With an optimum tool like Ruler Analytics, all data associated with a conversion will be sent to your CRM or wherever you store your leads. At the exact point of a sale, the tool should gather revenue data assigned to that user and trace it back to the marketing channel and campaign that influenced it. This way, you know what's working for you- and what's not.

If you're working with Google Analytics without an attribution tool, you can use UTM tags to work around limitations. UTM tags are bits of code you can add to the end of your URL to track channel and campaign success you would not be able to otherwise using Google Analytics.

Of course, you always have the option of asking leads directly. Surveys with open-ended, targeted questions are a must to build personal, long-lasting relationships with customers. Analytics are never meant to replace this kind of communication and personal interaction with your customer base. However, there are a few reasons why survey questions alone don't yield the kind of specific information you need regarding leads and conversions.

For one thing, some customers flat-out ignore survey questions- especially open-ended ones that take a little bit of time and consideration to answer. And when they do answer, the responses may not be accurate. For example, it's easy for a customer to answer that they found your brand on Google, when they actually clicked on an ad while perusing Google. Online shoppers are often busy, inundated with digital information, and simply not invested in tracking their own buyer's journey down to the details.

Some companies also track leads by hiding form fields on their form submission boxes. Of course, this tactic is only used to track forms, and cannot attribute any other entry forms. How it works: You can add hidden form fields to a channel-specific landing page or in combination with UTM tags. This way, when a new user fills out the form, the hidden field will fill in to add in their lead source.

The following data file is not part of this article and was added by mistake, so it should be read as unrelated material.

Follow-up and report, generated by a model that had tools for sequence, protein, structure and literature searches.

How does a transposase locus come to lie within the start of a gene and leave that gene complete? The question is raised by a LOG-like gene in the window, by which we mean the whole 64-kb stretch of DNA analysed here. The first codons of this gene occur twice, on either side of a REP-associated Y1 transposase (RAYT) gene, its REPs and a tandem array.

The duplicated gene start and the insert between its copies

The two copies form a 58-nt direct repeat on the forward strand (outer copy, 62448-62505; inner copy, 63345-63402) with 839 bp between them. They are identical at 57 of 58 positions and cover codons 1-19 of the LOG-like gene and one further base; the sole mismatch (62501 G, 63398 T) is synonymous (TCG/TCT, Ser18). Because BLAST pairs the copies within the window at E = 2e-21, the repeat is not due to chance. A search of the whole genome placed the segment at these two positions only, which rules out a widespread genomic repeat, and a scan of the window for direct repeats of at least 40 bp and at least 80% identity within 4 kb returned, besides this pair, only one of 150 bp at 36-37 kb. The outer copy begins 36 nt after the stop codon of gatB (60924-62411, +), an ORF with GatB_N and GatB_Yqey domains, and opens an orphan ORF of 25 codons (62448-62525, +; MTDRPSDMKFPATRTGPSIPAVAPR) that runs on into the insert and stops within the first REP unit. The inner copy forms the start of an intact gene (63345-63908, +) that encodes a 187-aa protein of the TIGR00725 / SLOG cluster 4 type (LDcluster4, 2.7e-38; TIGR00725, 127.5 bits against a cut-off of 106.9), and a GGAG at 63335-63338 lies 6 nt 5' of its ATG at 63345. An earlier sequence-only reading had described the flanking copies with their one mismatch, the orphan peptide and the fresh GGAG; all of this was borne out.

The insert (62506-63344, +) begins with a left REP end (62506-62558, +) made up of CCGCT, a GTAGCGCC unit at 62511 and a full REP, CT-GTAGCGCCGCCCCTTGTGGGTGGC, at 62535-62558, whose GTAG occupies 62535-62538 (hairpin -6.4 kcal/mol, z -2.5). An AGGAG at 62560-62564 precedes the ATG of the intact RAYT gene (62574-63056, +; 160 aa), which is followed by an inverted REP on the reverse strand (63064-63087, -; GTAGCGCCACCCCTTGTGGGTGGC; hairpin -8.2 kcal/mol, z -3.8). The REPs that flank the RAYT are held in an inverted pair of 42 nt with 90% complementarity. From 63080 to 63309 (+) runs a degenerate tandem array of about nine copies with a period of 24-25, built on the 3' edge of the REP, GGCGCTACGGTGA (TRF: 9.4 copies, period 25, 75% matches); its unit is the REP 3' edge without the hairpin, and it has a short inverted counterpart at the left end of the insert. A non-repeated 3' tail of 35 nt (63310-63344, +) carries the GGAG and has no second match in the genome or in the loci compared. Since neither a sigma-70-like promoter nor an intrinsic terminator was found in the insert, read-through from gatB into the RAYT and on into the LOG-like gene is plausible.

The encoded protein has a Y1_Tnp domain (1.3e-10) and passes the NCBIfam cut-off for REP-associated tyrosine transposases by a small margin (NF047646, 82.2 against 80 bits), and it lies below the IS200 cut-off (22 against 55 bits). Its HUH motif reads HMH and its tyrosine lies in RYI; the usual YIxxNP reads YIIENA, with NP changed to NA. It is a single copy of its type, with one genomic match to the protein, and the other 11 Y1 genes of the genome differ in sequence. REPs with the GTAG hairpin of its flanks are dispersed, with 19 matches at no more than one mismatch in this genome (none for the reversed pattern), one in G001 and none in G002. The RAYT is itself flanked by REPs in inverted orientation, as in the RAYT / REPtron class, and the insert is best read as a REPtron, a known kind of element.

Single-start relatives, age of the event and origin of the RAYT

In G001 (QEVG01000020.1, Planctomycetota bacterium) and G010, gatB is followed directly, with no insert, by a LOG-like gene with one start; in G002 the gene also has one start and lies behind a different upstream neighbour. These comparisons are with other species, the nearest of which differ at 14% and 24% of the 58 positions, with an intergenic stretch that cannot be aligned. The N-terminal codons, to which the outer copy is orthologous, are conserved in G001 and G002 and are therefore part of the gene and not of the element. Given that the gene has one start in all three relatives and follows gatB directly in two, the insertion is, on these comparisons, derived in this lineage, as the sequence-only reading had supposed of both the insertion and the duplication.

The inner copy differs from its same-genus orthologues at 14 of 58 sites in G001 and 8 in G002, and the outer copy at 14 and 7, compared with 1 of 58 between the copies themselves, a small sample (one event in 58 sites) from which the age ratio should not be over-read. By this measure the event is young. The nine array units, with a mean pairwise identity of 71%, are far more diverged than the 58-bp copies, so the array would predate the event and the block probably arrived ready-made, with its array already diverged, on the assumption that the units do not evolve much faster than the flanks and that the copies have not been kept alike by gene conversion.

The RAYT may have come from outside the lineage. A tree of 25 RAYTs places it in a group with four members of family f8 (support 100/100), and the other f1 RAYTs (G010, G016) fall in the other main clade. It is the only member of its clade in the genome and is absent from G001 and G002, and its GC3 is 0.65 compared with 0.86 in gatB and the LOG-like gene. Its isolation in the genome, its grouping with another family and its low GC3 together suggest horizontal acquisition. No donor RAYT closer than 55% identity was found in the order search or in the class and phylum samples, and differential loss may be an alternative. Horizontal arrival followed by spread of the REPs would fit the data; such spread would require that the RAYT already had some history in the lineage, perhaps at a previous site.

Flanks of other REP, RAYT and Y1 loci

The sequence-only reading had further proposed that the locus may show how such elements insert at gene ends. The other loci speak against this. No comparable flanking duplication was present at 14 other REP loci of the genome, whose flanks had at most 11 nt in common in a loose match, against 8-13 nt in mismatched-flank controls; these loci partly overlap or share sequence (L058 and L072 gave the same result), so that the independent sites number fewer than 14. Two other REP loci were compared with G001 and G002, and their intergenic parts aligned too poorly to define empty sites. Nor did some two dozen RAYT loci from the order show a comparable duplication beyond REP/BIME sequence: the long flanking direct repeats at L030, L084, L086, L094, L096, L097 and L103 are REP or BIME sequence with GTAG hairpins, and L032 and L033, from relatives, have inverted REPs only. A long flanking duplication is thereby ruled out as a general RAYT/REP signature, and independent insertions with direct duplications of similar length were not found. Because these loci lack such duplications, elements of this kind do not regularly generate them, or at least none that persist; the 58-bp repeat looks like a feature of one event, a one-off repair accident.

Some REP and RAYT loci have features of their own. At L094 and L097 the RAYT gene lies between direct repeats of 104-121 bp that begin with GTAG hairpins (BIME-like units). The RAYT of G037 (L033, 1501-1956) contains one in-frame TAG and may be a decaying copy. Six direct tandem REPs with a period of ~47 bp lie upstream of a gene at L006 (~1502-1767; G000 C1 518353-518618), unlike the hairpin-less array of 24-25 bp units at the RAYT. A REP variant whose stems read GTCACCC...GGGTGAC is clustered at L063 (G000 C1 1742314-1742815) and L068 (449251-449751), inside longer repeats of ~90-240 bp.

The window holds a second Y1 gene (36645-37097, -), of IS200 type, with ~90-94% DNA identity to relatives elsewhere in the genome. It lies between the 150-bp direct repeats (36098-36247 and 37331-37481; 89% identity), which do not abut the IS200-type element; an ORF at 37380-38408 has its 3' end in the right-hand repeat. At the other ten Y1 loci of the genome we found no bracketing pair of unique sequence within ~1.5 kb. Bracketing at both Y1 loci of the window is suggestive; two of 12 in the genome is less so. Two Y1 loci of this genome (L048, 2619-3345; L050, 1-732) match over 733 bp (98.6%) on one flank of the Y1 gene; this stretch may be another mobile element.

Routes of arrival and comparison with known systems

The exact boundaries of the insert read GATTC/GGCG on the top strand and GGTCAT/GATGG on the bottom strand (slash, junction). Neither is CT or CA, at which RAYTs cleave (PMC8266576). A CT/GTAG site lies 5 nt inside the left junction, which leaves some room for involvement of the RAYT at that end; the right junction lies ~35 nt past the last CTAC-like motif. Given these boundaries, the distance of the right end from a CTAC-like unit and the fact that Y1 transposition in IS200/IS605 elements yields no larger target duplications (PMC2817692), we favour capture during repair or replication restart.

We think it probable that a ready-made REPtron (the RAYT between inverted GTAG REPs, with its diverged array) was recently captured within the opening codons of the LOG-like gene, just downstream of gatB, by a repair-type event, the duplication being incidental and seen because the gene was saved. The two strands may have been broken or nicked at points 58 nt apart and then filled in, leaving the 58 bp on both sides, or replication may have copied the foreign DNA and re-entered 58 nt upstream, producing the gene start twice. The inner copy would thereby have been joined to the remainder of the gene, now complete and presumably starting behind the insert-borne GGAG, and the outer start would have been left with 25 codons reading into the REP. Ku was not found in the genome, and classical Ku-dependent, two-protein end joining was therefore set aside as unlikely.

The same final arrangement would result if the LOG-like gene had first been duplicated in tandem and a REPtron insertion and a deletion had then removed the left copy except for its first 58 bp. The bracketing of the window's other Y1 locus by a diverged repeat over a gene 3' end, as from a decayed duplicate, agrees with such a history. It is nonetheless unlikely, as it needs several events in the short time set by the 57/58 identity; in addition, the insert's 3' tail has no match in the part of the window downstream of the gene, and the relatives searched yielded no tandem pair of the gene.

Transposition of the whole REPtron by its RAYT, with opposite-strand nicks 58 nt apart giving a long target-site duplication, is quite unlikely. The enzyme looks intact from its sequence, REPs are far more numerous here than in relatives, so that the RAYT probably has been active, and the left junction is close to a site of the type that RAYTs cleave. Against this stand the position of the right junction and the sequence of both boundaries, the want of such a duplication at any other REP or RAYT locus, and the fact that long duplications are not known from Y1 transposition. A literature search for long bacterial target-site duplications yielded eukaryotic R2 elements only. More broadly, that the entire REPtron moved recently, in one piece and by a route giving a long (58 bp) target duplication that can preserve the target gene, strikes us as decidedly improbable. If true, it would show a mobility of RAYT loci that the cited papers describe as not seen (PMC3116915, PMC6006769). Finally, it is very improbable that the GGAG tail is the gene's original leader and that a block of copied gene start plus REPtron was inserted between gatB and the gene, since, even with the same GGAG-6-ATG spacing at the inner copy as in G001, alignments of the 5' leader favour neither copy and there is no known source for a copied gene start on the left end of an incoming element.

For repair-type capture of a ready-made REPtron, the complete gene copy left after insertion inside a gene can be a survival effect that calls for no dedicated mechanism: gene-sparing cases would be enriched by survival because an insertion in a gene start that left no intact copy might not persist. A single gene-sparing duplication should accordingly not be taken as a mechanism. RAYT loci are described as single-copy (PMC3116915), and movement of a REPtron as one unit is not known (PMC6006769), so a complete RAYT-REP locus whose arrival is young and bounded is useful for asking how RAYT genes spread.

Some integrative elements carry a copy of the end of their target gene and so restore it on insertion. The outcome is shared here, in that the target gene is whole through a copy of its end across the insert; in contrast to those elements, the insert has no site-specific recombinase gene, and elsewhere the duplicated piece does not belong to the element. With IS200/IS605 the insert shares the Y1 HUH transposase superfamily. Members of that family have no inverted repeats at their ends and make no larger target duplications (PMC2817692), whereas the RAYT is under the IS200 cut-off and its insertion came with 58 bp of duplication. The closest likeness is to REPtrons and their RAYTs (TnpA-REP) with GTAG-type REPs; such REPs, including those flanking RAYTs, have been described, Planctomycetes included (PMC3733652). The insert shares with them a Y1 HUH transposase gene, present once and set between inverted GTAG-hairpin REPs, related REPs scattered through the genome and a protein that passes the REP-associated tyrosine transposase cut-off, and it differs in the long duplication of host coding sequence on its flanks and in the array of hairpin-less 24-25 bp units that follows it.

Last but certainly not least, promo codes are an excellent way to convert customers- but they're also ideal for tracking purposes. By adding a promo code, you can see which purchases were influenced by your campaign. However, these codes don't yield specific information about where a lead derived from. This is especially true if you're using the same promo code across channels, which is usually how they work. If you only use the code on one channel, such as Facebook, the promos are more traceable- but they also have limited reach, so should be used in combination with other tools.

In Conclusion

Converting data into actionable insights can be tricky. But with the right tools and know-how, doing so can be a boon to your business. Remember, the only metrics worth investing in are those that can help you reach your business goals. Every company's objectives are different and continually evolving. So before you decide how you're going to use and/or supplement your attribution tools, make sure those goals are concrete and tangible. Then use this guide to choose the tools that will be most beneficial to your business.